Before any work can be done in Shiny, we need a dataset to analyze. We thank the providers of the MTG-JSON project for their work in providing a complete dataset of all cards released. The cards are kept in JSON format, packed into sets (so that the set metadata can be stored), and listed within sets by cards. Each card in Magic follows a similar structure. It falls into one of several card types, has an array of attributes (from functional changes to its effect, to its collector number and name of the artist who drew its art), as well as a textbox which lists its specific effect. However, the JSON format makes sense over the rigid data frame structure because of the inconsistent formatting of cards throughout history. Magic stays fresh by following the mantra that “rules are made to be broken”. Thus, while each card has a corresponding “color”, after the first few sets, cards could have multiple colors. And as the game progressed, new card types were added, each with their own set of unique attribute data (beyond what would go in the text box of the effect). And eventually we saw the introduction of “split cards” and “double faced cards”, which require their own unique structure. Ultimately, this provides a substantial challenge to coerce into a regular data frame. While every card could be summarized by unstructured text, our analysis will hinge on being able to rely on consistent card structure. We only consider a subset of cards which follow consistent structure, focusing solely on “creatures”, which form the cornerstone of Magic (ignoring cards with irregular structure like flip cards). With this structure, it is straightforward to coerce the data to a data frame. We then use binary tags to mark whether a creature is each of the five possible colors, as well as whether it has one of about 40 different keywords of note. These keywords are simply noted in the textbox of the cards, so we must use careful regular expressions to ensure we only flag cards with the right keyword (for example, many cards use “flying” in their textbox to refer to a name, rather than the mechanic).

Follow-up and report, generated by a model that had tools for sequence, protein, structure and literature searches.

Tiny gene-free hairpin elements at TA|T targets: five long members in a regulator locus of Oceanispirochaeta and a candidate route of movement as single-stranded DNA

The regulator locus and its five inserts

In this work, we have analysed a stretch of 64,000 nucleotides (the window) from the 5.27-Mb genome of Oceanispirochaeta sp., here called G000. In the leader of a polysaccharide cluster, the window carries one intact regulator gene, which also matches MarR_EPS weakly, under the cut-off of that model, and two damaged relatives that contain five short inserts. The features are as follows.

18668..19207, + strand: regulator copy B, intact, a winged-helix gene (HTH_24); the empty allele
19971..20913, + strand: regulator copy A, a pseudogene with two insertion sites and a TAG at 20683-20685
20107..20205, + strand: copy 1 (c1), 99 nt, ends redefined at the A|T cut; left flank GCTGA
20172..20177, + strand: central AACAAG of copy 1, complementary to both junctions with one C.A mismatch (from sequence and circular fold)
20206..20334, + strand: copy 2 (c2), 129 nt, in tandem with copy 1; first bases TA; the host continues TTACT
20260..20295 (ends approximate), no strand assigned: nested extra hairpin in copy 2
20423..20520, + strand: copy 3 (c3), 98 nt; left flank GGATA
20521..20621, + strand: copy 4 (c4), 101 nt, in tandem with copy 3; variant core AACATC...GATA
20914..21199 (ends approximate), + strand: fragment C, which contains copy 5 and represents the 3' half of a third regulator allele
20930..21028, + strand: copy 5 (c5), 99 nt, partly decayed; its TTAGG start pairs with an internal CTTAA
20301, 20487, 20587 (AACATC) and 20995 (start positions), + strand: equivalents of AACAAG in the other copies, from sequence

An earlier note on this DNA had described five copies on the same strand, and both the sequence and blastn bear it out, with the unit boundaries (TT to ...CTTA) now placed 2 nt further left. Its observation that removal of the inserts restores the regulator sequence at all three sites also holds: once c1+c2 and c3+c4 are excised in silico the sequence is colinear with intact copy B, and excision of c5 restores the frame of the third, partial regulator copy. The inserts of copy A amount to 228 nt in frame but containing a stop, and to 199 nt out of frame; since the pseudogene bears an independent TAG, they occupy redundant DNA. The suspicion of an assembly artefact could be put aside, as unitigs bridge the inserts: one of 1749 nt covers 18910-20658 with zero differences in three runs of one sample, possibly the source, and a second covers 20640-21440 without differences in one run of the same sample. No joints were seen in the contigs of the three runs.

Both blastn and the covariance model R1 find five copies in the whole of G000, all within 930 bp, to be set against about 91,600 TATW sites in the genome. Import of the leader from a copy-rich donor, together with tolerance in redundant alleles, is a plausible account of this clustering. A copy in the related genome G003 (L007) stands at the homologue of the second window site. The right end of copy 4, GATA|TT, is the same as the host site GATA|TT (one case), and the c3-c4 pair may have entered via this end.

The first goal of the Shiny app (beyond the main purpose of trying to get a basic understanding of the capabilities of Shiny) is to analyze the shifts of design philosphy for Magic keywords. Wizards’ shifting position on card keywords are often publicly stated. They are open about which mechanics are “evergreen” (used and available in every set) and “deciduous” (available when needed), as well as which keywords are primary, secondary, or tertiary in each ofthe five colors (effecting the frequency with which they are used, as well as the rarity distribution). While these shifts are publicly discussed, it’s interesting to actually test how these changes manifest in the creatures printed, as well as consider whether we spot more subtle, unrecognized shifts.